The Big Story: Operation theatres
On February 6, militants opened fire on a police party accompanying prisoners for a medical check up at the outpatient department at Sri Maharaja Hari Singh Hospital in Srinagar. Within moments, two policemen were shot and one of the prisoners, a Pakistani Lashkar-e-Taiba operative arrested in 2014, had escaped. Later, the two policemen died. Now the Jammu and Kashmir government says an investigation has been launched and the opposition alleges a “security lapse”. The Hizbul Mujahideen, meanwhile, claims it engineered the raid to help the militant escape. Has either side registered the true horror of the incident? A hospital, the last bastion of refuge for the injured and the ailing, was breached.
Sri Maharaja Hari Singh Hospital is a landmark in Srinagar. It is one of the few multi-speciality hospitals in Kashmir, which is desperately short of specialised healthcare, and has arguably the “best trauma centre” in the Valley. Not only does it get patients from all over Srinagar, it is also an important referral hospital for the rest of the Valley. During the protests of 2016, its wards filled up with hundreds of young patients injured by the pellets used by security forces. This is not the first time the hospital has been under siege. A health reporter who was there on the morning of the shootout writes that it reminded him of a day in 2016, when security forces had fired tear gas shells inside the hospital. Throughout the protests, there were also repeated allegations that ambulances were stopped and passengers beaten up by security forces, that patients on their way to receive critical care could not reach in time.
In the long and grinding Kashmir conflict, there are few rules of engagement that are left to be broken. Yet the attack on hospitals and the obstruction of medical care crosses a vital red line. The Geneva Conventions lay down rules for establishing “hospital and safety zones” where the wounded, the sick, the aged and the very young might find refuge from the effects of war. These guidelines have been absorbed into military manuals across the world. Yet the most brutal conflicts in recent times have been marked by attacks on these very places: in Sri Lanka during the last gasp of the civil war in 2009, in Iraq, Syria and Afghanistan. Unlike these places, Kashmir’s hospitals must not become battle zones.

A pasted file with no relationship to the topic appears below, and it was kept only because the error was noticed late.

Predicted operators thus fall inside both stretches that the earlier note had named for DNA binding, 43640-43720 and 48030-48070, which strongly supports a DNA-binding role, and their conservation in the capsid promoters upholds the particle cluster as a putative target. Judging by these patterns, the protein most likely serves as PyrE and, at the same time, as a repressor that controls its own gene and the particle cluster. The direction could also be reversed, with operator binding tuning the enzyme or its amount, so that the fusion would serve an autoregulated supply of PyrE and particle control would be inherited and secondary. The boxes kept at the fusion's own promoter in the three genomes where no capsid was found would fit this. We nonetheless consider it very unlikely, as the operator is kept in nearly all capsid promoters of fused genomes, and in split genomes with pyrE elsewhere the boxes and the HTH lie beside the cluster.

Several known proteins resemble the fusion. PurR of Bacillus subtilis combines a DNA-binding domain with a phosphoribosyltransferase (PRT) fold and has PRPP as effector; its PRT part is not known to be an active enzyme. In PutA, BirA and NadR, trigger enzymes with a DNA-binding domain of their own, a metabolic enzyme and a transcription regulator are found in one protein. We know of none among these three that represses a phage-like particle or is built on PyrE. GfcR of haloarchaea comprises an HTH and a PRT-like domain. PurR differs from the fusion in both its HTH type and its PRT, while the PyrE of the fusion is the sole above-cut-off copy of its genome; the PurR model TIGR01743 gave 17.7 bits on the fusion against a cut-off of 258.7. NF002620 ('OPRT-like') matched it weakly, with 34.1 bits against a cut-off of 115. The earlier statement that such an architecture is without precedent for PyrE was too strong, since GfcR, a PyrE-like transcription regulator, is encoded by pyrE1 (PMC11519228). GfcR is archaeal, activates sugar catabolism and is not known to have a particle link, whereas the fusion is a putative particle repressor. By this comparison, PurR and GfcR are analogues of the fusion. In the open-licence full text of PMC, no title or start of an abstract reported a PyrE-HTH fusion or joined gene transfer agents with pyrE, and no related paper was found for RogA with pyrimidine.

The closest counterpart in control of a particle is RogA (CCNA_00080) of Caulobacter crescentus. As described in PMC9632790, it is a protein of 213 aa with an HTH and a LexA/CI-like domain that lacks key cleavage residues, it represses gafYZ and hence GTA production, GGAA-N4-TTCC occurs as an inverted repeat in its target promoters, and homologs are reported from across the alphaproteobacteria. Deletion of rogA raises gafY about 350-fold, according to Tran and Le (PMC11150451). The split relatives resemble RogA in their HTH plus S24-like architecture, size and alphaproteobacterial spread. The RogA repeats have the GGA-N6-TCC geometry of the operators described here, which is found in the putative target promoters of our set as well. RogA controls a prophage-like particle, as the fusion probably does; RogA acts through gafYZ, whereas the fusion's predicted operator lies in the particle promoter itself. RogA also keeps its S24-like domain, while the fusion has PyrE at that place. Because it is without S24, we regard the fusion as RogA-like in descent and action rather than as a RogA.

The Big Scroll
Back in 2016, the CRPF said it was “sometimes necessary to check if ambulances are being used by stone pelters”.
Fahad Shah visited a hospital in Anantnag, where the injured were being treated during the protests of 2016.
1, In the Indian Express, Happymon Jacob asks whether violence on the Line of Control could escalate into a full-fledged war.
2. In the Hindu, Zorawar Daulet Singh asks whether being a democracy has shaped India’s approach to the Maldives.
3. In the Economic Times, Jean Dreze and Ritika Khera question the estimate of $11 billion in savings from Aadhaar.
Vinay Kaityar’s demand that Muslims leave India shows the BJP is cranking up the hate machine before 2019, writes Shoaib Daniyal:
Indeed, the constant communal rhetoric of the past four years should force a re-evaluation of our understanding of the 2014 election result. It is frequently argued that it was a vote for development – a word that in India stands for economic matters. Yet, it is now clear that the BJP’s pitch was based on economics as well as religious identity. It was not a choice between development and Hindutva – it was development andHindutva.